Trout Fishing in America writes a blog

12/05/2016 at 10:11 am (Book Reviews, Rose and Ken's Bookshelf)

From the Bookshelves of Rose and Ken:

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In the late 60’s and early 70’s, what self-identifying stalwart of the hippie lifestyle didn’t own a copy of this series of observations for the counterculture generation? Published in 1967, Brautigan generated simple musings in his own style, while borrowing heavily from Anderson, Hemingway, Heller, Kesey and Vonnegut. Delivering short chapters with the unifying thread of trout fishing, the author explores the outrageous with the commonplace, the placid with the disturbed.

A first-person account of life on the road, a postmodern take on Kerouac’s tale of the Beats, Trout dips in and out of small towns where Americana litter the streets and homes of a changing country. With chapter titles like “A Waldon Pond for Winos” and “Trout Fishing With the FBI,” the book plays with ideas of nature and freedom, addiction and authority with a kind of whimsy that underlies the gravity of idealism lost. In the narrator’s travels, he finds that nothing is quite as it was, while the present has yet to fully form into something coherent that serves as a replacement of what came before.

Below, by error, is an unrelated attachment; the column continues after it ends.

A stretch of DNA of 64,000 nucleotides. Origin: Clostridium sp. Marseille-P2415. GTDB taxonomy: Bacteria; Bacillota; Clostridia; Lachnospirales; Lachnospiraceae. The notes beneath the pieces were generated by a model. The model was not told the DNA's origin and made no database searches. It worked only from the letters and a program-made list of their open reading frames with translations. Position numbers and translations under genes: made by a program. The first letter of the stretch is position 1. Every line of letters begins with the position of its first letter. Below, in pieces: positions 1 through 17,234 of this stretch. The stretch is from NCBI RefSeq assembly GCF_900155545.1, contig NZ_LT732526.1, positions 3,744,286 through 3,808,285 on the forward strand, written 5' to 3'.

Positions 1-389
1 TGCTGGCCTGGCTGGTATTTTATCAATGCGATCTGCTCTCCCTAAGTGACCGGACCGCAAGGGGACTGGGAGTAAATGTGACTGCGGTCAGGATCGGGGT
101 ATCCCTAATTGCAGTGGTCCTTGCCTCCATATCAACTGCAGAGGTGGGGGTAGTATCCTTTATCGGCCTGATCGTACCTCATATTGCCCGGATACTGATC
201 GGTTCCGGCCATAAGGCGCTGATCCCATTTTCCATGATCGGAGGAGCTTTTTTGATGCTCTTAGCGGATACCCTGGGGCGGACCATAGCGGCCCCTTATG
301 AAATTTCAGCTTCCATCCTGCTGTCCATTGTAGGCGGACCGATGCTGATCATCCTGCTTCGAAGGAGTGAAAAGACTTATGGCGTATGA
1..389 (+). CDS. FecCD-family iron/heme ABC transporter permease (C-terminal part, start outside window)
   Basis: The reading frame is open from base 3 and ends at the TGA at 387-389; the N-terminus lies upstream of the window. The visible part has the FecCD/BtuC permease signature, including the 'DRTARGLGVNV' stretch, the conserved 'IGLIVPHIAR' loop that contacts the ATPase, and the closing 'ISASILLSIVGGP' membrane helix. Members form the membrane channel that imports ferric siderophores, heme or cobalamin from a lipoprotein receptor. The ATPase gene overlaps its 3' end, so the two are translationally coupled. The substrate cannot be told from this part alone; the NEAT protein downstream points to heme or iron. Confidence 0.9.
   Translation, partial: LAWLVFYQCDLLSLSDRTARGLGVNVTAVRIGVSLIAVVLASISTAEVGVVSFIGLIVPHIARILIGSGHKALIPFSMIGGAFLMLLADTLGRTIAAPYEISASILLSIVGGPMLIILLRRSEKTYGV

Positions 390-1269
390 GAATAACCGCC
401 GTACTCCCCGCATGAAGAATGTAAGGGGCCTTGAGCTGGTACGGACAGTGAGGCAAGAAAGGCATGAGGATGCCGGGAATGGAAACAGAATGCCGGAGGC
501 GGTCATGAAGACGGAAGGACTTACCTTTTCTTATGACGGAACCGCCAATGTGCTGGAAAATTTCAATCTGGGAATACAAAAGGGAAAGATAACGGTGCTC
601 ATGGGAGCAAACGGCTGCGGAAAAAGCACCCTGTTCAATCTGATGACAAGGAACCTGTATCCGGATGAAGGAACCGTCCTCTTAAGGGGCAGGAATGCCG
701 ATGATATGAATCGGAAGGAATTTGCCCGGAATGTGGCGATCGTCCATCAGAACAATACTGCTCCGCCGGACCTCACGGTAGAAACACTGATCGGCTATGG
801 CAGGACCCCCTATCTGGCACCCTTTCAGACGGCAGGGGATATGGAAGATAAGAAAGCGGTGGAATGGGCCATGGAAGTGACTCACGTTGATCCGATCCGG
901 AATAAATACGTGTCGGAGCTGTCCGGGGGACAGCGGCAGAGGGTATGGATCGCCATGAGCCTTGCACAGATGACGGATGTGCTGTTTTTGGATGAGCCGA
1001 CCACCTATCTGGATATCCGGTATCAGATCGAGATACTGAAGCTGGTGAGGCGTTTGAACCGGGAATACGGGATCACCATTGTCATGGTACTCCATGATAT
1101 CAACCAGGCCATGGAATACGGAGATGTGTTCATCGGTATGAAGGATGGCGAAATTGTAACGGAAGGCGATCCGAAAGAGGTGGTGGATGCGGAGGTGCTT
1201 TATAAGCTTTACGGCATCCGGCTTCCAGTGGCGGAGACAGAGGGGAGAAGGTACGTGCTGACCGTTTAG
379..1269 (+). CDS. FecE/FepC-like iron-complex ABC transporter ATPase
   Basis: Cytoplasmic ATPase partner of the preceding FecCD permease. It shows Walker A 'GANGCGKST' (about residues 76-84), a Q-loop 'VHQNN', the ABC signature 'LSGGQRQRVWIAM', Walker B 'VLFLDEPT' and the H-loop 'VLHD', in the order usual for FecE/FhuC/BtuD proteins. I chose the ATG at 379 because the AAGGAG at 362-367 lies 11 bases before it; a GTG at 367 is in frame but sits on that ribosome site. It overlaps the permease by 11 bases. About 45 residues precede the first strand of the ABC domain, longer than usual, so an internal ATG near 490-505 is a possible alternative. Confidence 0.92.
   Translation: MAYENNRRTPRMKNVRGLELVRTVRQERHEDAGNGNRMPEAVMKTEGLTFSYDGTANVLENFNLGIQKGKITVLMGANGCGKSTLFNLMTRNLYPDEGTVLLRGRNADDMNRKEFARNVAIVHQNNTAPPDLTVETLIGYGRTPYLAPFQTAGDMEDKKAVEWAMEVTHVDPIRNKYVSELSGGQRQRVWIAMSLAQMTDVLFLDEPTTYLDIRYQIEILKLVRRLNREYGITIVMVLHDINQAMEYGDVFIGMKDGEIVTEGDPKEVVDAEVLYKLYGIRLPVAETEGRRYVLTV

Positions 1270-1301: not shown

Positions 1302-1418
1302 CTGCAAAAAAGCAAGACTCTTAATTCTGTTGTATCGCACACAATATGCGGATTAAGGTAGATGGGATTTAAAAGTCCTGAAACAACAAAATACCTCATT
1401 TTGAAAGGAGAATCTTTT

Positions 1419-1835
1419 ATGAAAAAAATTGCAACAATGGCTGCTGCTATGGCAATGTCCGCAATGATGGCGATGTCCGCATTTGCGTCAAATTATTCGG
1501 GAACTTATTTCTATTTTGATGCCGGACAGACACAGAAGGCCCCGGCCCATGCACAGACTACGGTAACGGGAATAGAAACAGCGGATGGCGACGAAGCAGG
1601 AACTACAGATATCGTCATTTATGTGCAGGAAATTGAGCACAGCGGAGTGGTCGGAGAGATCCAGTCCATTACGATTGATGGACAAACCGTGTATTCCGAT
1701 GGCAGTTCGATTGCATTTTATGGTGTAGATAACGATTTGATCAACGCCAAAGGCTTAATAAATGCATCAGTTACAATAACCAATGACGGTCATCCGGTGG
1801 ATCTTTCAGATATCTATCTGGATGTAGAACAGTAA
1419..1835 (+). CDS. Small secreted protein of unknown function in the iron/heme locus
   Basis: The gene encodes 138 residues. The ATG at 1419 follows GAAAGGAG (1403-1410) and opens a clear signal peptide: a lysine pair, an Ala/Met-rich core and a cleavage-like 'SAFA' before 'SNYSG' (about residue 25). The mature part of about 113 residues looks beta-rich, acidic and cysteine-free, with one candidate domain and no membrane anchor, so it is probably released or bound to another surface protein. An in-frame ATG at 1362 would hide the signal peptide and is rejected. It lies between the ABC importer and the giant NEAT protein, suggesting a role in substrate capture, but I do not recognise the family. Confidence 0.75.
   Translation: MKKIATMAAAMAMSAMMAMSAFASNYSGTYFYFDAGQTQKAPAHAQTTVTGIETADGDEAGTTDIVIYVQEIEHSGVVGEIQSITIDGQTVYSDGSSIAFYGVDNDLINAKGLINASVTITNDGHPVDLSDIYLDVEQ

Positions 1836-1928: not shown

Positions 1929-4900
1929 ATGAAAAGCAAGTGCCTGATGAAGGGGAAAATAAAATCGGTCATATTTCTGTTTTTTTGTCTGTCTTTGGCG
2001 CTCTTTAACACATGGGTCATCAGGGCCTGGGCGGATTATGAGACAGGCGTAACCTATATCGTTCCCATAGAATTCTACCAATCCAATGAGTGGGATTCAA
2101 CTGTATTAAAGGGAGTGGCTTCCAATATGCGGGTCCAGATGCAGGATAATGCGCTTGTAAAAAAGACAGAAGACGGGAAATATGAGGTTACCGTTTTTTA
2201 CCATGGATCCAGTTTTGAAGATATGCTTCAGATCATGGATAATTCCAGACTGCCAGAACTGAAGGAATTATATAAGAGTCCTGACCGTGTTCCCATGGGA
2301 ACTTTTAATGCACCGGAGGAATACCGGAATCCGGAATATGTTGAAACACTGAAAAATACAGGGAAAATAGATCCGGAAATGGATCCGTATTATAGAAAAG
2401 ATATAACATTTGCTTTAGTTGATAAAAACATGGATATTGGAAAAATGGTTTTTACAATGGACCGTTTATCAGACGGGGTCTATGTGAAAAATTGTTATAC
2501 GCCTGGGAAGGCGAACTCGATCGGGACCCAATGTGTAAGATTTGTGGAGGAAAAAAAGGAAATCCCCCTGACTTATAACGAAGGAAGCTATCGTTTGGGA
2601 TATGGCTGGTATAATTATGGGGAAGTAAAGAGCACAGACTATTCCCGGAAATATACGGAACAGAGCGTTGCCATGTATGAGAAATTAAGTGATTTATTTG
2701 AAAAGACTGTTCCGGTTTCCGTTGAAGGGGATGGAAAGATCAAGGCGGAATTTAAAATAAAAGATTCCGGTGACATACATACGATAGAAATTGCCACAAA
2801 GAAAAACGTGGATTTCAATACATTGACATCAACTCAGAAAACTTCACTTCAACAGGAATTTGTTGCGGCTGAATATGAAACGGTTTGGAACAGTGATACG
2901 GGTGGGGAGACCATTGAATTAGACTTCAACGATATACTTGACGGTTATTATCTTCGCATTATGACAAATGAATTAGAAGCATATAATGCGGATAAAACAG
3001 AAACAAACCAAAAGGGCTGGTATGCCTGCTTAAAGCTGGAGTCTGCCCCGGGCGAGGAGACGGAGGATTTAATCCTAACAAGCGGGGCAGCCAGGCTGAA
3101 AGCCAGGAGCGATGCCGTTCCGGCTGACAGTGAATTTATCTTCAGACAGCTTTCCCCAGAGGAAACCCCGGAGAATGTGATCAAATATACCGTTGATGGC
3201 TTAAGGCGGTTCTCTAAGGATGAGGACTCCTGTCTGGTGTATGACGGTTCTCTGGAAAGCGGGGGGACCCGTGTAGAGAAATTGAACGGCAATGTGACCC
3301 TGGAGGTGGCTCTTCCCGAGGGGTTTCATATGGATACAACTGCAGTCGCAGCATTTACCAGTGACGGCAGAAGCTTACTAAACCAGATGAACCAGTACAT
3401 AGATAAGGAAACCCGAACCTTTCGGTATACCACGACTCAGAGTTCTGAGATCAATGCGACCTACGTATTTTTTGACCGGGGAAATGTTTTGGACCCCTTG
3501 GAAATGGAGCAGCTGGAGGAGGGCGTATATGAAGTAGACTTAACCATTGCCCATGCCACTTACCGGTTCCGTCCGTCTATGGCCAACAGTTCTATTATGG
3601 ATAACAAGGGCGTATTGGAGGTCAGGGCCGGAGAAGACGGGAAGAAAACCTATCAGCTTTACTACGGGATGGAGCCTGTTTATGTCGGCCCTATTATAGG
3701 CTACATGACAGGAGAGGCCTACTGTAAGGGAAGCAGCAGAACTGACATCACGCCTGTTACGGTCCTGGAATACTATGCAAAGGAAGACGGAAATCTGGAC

Name-checking Teddy Roosevelt, Nelson Algren, John Dillinger, Hemingway, and the blues song C.C. Rider in the chapter titles, Brautigan traces the familiar and the influential figures of the past with a reverence that carries a bit of nostalgia, as well. America is changing so quickly, he seems to be saying, that it’s crucial to remember the importance of the early part of the twentieth century. When he writes, “Along with World War II and the Andrews sisters, the Zoot suit had been very popular in the early 40’s,” Brautigan is singing the virtues of a lost era, one that defined an earlier generation and was as much about fighting for freedom and singing for joy as it was about racial identity and the inequality and violence that surrounded it. When he decides that, “I guess they were all passing fads,” it is a lamentation, the realization that everything substantial and once-profound becomes simply what was. These parts of history are meant to be pushed aside, in order to make room for the next transgression or life-changing event in a century filled with them.